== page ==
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What is the point of Twitter? This is not a rhetorical question; I've just been wondering ever since I read about it, in a surprising number of places -- Wall Street Journal, Wired, Lifehacker, Boing Boing, Marginal Revolution (I think). Is the goal to elevate non-descriptness to an art form (one of my personal mottoes)? Is it an extension of the idea behind happiness research, where you wear a monitor that prompts you to record your hedonic well-being every so often? Is it intended to dignify everyday life as the locus of struggle and praxis? Is it a hymn to concision? Or is it just yet another way to turn the most powerful communication tool humans have yet devised into a mirror?

The point seems to be to encourage self-disclosure by taking away the intimidating open-endedness of the blank page, but do we really need more self-disclosure? Seems like there's far too much of it already. This recent Psychology Today story, "The Decline and Fall of the Private Self," investigates what makes people want to discuss themselves in public, and it airs the usual point that electronic media is disinhibiting (more than a few drinks! the article teases). But what does disinhibition end up meaning exhibitionism? Couldn't it be that full disclosure is a compulsion that we are inhibited from refraining from? That we feel compelled to tell-all and that disinihibition could grant us the freedom to shut up?

Another common explanation for the Web blah-blahing the story touches on is the notion that we have to have media attention to validate our lives -- the idea that, for instance, if you don't have a Facebook page you aren't really in college.

A blog makes your mundane life into an electronic saga that turns you into something more than an anonymous drone in a technological and impersonal world. "You now have a story and perhaps you've even become the focus of other watchers and listeners," says Singer. "You become a character, a speaking part, in the larger theater of society." Even if you're playing the role of the loser—blogging about being unhappy and unattractive—at least you're part of the show.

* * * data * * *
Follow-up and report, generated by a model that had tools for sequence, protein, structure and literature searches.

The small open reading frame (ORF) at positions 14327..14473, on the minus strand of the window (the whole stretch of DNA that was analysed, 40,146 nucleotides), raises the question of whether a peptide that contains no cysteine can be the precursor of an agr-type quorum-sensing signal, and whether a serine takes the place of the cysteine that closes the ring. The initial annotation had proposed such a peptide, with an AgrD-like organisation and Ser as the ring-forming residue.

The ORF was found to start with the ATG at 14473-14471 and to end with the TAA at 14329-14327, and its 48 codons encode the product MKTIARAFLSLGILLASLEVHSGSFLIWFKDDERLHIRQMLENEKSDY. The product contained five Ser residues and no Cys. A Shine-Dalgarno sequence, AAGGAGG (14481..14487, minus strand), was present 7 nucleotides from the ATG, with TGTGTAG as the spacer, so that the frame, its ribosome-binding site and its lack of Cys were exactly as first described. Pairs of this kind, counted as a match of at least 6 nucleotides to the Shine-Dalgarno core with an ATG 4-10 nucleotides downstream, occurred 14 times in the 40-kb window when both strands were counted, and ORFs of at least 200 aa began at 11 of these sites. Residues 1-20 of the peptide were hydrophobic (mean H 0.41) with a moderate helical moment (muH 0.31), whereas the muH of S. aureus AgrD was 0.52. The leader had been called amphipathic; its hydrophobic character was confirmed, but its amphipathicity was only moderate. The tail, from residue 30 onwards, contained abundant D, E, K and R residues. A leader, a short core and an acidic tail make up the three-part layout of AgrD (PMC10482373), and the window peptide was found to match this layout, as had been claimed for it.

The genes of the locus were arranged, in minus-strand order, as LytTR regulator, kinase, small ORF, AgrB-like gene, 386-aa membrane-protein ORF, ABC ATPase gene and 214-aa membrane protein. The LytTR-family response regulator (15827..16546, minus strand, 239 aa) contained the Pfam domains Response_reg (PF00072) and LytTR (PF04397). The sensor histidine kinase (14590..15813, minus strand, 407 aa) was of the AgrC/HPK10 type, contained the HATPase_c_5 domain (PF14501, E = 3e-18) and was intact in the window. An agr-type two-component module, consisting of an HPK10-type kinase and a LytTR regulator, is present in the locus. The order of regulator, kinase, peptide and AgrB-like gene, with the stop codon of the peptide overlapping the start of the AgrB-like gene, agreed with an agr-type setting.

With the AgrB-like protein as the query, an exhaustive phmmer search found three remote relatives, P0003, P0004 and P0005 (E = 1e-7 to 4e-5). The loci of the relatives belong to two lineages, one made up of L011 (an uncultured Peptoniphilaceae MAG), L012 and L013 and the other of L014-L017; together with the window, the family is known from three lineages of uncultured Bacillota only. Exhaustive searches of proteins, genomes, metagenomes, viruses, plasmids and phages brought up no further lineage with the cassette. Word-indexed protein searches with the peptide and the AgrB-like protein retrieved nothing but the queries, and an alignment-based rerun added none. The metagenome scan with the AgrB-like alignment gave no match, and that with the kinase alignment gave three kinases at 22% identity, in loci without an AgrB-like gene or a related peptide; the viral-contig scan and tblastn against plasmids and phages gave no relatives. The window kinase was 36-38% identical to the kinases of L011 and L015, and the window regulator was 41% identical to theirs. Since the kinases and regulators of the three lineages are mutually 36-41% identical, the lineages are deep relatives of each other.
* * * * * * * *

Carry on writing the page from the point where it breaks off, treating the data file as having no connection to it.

Sign me up for loser, and make sure it is as public a humilation as possible -- that sounds great, very validating.

Just because there's an audience, that doesn't mean anyone's actually paying attention. And being just an extra is probably worse than being in the audience. How does desperate self-publicity make one less anonymous? Haven't these people seen MySpace? Nothing can be more anonymous than being one voice among many self-involved voices out there (I know; re: this blog); at least in imagination your self-aggrandizing story isn't suffocated by the vast competition. In fact, personal blogs and social networking sites often seem to reinforce the mundaneness of selfhood, the limited and unimaginative options we fall back on -- the size of our networks seems to merely emphasize our ultimate insignficance, as they loom disproportionately over what we can meaningfully process.

Are future generations in fact doomed to grow up with the idea that their internal monologues must be heard in order to be worth listening to themselves. Do they not recognize what they themselves are thinking until assured that someone else can see and comment on it as well? Externalizing our fantasies about our self-importance would seem to actually negate them, refute them -- it's what you would prescribe to someone who was too Walter Mittyish, even. The Psychology Today story suggests as much when it explains how confessing secrets online can be therapeutic and relieve stress.

He's right: Telling secrets has been shown to have a positive effect on the person who's doing the confessing, because keeping them requires a lot of mental work. Wegner has found that actively trying to suppress a thought (like trying not to think about a white bear) actually seems to repeatedly refresh your mental browser and bring it to mind. "It's almost as though there's a little corner of the mind that's looking for the very thing you're trying not to think about," he says. Sharing the secret, though, "unprimes" the information, freeing the mind to focus on other things and breaking the cycle of worry. By recounting their sins and lapses, the AA member and the blogger can unload pesky thoughts and mull more productive ones for the rest of the day.
Maybe so. I'm convinced though that the less I think about myself, the better I am doing. So narrating the minutiae of my worries in unsublimated form would be like a sentence to purgatory for me.
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